Today’s Wonder of the Day was inspired by Bob. Bob Wonders, “what is the pangram theory” Thanks for WONDERing with us, Bob!

The quick brown fox jumps over a lazy dog. The five boxing wizards jump quickly. Jaded zombies acted quaintly but kept driving their oxen forward. A mad boxer shot a quick, gloved jab to the jaw of his dizzy opponent! Have we lost it? No, we’re just writing in pangrams!

A pangram is a sentence that uses every letter in the alphabet. The name comes from two Greek root words. “Pan” means “all,” and “gram” means “something written.” Together, they mean all written letters!

Could you write a pangram? It might sound easy. However, you can’t throw just any words together! A pangram has to be a full sentence. That means it needs to include a subject and a predicate. As a reminder, a subject is the noun a sentence is about. The predicate tells us something about the subject. A pangram has to include both to be a full sentence.

A “perfect pangram” uses each letter from the alphabet only once. Did you know every language has its own alphabet? That means the lengths of perfect pangrams vary by language. For example, a perfect pangram in Khmer (spoken in Cambodia) will have 74 letters. One in Rotokas (spoken in Papua New Guinea) has only twelve letters. In English, a perfect pangram uses twenty-six letters. They’re pretty tricky to write - we tried!

Perfect pangrams are also hard to understand. Many of them use abbreviations. Readers often need the perfect pangram’s author to explain what it means! Try reading, “Glum Schwartzkopf vex’d by NJ IQ.” How about, “Mr. Jock, TV quiz Ph.D., bags few lynx”? See what we mean? Both sentences are perfect pangrams, but they don’t make much sense.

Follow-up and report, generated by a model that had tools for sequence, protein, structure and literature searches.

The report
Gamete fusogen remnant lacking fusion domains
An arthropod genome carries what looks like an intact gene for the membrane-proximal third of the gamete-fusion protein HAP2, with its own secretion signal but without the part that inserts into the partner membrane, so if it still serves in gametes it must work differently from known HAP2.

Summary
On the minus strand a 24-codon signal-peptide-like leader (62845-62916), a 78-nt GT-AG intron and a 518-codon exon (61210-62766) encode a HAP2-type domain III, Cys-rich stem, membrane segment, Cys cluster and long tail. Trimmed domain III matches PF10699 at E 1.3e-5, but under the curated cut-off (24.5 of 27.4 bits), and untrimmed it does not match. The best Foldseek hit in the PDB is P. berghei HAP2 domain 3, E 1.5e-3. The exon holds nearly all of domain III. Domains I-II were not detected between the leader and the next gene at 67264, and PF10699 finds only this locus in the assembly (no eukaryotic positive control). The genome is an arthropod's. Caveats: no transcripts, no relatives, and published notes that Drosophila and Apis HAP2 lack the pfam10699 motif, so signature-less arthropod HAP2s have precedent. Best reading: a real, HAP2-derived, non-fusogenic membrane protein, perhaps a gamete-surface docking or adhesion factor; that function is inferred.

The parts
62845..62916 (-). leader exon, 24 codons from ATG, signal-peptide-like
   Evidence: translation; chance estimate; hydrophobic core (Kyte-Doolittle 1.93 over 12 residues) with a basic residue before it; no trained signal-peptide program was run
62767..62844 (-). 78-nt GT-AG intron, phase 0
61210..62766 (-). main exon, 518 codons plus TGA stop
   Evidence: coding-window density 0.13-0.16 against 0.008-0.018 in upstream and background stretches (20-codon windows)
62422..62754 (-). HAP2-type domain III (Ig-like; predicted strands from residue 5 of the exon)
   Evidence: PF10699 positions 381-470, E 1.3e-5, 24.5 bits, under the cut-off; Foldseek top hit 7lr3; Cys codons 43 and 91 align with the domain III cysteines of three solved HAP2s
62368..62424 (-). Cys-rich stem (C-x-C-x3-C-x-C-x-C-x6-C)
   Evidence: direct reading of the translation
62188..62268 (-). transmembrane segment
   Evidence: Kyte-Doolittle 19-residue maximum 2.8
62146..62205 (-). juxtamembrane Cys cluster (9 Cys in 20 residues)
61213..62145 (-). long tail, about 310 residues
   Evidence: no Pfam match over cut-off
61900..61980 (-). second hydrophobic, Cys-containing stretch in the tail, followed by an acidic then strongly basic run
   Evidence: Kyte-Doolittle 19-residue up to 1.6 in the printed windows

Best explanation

Many people write pangrams for fun. It’s a lot like solving a puzzle. Pangram writers have to find where each letter can fit in the sentence. It helps to start with a list of words that contain rarely used letters like j, x, and z. Then, they add words with more common letters. Once the writer has a complete sentence, they check for each letter of the alphabet. With all letters present, the pangram is complete!

Some people also use pangrams in their work. People once used pangrams to make sure each key of a typewriter worked correctly. Today, designers use them to see what each letter of a font will look like before using it. Pangrams are also useful for children practicing handwriting and for calligraphers trying a new style. Pangrams are useful in many ways!

Are you ready to write your own pangrams? Sit down and get started! It takes creativity and may be difficult at first. Like any new skill, writing pangrams gets easier with practice.

Standards: CCRA.L.3, CCRA.L.6, CCRA.R.1, CCRA.R.2, CCRA.R.10, CCRA.W.2, CCRA.W.4, CCRA.W.9, CCRA.SL.2

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